After narrowly missing qualification for the 2015 FIFA Under-17 World Cup, Jamaica commenced early preparation for the 2017 edition with a training camp at the Jamaica Football Federation (JFF) Centre at the University of the West Indies, Mona. The camp continued yesterday, with the JFF naming 32 players for the second camp that will end on Thursday. “Well, we are basically in selection process. We started with 32 players last week and are now looking at 32 other players whom are currently in camp,” Under-17 head coach Andrew Edwards told The Gleaner after the early-morning session yesterday. “We want to rank the players in order to properly evaluate each player and have an idea of the best 20 players,” Edwards added. He said the players in camp, both local and overseas based, have responded well to the session so far. “We intend to improve the players by giving them bits of information,” he explained. PRELIMINARY STAGE The JFF is yet to be officially informed of when the Caribbean Football Union qualifiers will start, but Edwards said, “The preliminary stage usually starts in the summer, so we are looking at a 15-month period to qualify for the next Under-17 World Cup”. Jamaica will seek a third berth at the Under-17 World Cup football tournament after qualifying in 1999 and 2011. The nation missed the last staging after being eliminated on penalty kicks by the United States of America at the CONCACAF stage. The players in camp are: Kajeev White (Vauxhall High), Nickashe Murray (Wolmer’s Boys), Demale Sinclair (Jamaica College), Lloyd Reynolds (Holy Trinity High), Jeremy Verley (St George’s College), Romario McPherson (Bridgeport High), Shaquille Smith (Jonathan Grant High), Tyrone Small (Jonathan Grant), Akeem Davis (Munro College), Deandre Smalling (Munro), Tavin Small (Munro), Daniel Russell (Holmwood Technical), Marlando Maxwell (Manchester High), Dwayne Leven (Ptersfield High), Ricardo McIntosh (Clarendon College), Nickque Daley (Clarendon College), Calwayne Allen (St James High), Garnet Hudson (Cornwall College), Richard Thompson (Herbert Morrison High), Damani Osei (Cosby High, USA), Blake White (Home Schooled), Thriston Briscoe (North Babylon, USA), Chad Letts (YSC Academy), Rasheed Martin (Queens Gateway, USA), Jeadine White (St Andrew Technical High), Khalil Dabdoub (Hillel Academy), Jordan Peterkin (Kingston College), Renato Campbell (KC), Jabari Howell (Holy Trinity High), and Cleon Haynes (Wolmer’s Boys).
PHILADELPHIA, Pennsylvania: THE high school boys sprint relay will be one of the highlights when the 122nd staging of the Penn Relays comes to an end today at the Franklin Field Stadium. Jamaica College led the qualifiers for today’s final, winning their heat in 40.87 seconds. They were followed by TC Williams out of Virginia with 40.91, Kingston College (41.05), St Jago (41.05), and Calabar (41.47). All the top qualifiers are expected to go below 40 seconds in the final, and Calabar’s one-year old mark of 39.63 could fall. Calabar and Kingston College looked quite easy in the heats, while TC Williams also looked smooth in posting the second-fastest time of the day. This final will get under way at 12 50 p.m. Jamaica time. Both St Elizabeth Technical (STETHS) and St Jago High easily qualified for today’s final of the 4×800 metres. STETHS clocked 7:49.14 to take the first heat with St Jago second in 7:48.21. Bellefield High, Kingston College, and Jamaica College also advanced to the final scheduled for 3 p.m. (Ja time). Competition will begin at 8 a.m. (Ja time) time with the 400m hurdles. Six Jamaicans, led by number-one seed Timor Barrett of St Jago High, are down for the event. Earlier yesterday, Munro College’s Kino Dunkley won the high school boys’ discus with a throw of 57.89 metres. – R.G.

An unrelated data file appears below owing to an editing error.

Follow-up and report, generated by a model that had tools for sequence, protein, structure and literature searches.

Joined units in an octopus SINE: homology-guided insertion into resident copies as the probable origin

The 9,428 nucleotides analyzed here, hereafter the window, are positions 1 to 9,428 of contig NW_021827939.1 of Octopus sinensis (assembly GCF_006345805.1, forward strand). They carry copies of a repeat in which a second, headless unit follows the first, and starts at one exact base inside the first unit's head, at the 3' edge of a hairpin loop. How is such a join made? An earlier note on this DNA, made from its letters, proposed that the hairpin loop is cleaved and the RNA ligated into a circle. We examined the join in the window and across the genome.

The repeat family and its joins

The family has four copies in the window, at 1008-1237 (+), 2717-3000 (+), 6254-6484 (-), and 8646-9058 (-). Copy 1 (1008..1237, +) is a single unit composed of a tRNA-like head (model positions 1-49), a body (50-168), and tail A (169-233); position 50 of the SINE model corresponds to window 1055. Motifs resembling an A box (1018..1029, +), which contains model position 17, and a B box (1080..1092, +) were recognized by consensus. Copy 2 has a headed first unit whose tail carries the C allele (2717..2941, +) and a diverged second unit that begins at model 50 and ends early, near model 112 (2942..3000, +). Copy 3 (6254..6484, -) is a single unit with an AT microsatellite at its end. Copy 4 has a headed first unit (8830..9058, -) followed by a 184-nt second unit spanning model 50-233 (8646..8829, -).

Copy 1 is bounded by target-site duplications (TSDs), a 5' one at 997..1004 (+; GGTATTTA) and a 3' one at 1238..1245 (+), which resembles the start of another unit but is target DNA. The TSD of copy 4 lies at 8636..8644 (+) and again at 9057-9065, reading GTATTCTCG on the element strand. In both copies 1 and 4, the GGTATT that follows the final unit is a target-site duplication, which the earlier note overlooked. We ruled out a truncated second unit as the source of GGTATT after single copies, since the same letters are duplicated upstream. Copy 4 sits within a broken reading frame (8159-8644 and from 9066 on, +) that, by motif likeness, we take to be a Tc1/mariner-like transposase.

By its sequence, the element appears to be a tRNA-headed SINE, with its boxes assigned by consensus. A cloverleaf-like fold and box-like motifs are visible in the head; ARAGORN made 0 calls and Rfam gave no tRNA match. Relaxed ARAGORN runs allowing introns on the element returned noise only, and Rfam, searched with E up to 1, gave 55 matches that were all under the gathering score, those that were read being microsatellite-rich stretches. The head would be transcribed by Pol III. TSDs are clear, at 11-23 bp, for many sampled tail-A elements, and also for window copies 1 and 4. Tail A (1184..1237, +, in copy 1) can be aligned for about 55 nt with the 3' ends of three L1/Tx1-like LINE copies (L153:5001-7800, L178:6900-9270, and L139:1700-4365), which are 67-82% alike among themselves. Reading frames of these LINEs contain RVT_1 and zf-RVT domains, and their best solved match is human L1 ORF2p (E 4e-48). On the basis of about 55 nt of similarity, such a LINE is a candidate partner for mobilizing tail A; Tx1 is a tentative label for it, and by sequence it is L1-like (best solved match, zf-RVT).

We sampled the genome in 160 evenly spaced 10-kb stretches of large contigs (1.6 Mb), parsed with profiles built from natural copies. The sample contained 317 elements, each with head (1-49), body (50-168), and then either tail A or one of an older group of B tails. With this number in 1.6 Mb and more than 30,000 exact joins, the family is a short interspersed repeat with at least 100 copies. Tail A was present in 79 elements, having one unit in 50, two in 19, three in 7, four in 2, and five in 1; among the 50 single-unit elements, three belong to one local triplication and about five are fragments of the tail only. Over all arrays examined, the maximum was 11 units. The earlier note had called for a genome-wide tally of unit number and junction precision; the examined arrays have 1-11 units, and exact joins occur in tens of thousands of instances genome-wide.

HERZOGENAURACH, Germany: Having partnered with a number of new young athletes in recent months, PUMA has announced its “most exciting athlete endorsement of all” with the signing of Nigel Ellis. The junior sprinter joins a growing Jamaican line-up of PUMA track and field athletes that includes Natasha Morrison, Kaliese Spencer, Asafa Powell, Hansle Parchment, Jaheel Hyde and, of course, the world’s fastest man, Usain Bolt. Ellis has a big future in track and field. Under the coaching of Reynaldo Walcott at St Elizabeth Technical High School (STETHS), he lowered his personal bests to 10.16 and 20.40 at the age of 18, claiming both the 100m and 200m sprint titles at the ISSA Boys and Girls’ Championships in Kingston. He is also currently the fastest 100-metre junior athlete in the world. PUMA continues to invest in growing its stable of athletes and partner federations, maintaining its presence in a sport that has always been a rich part of its history. With the Olympics in Rio approaching, PUMA has made significant strides to enrich its athlete portfolio, continuing its focus on becoming the fastest sport brand in the world. Speaking about the new partnership with PUMA, Ellis said: “In Jamaica, PUMA is the number one brand in track and field. I’ve known PUMA all my life. “I’ve seen the athletes they work with, the high schools they support, the quality of the running shoes and training wear they make. Signing with PUMA is a big moment for any athlete and, for me, this is a big deal. “I’m proud of the potential they see in me and the opportunity to continue my education. I look forward to working with them for years ahead,” he added. Pascal Rolling, PUMA’s head of sports marketing for running, said: “We are very happy to have signed Nigel. He is improving so quickly and his commitment and desire to measure himself among the best is clear. “He embodies the spirit and values of PUMA, both on and off the track, by training and competing hard, while living well with a joy for what he does. He’s a young man with a huge future and we’re pleased to play a part of the success that will come.”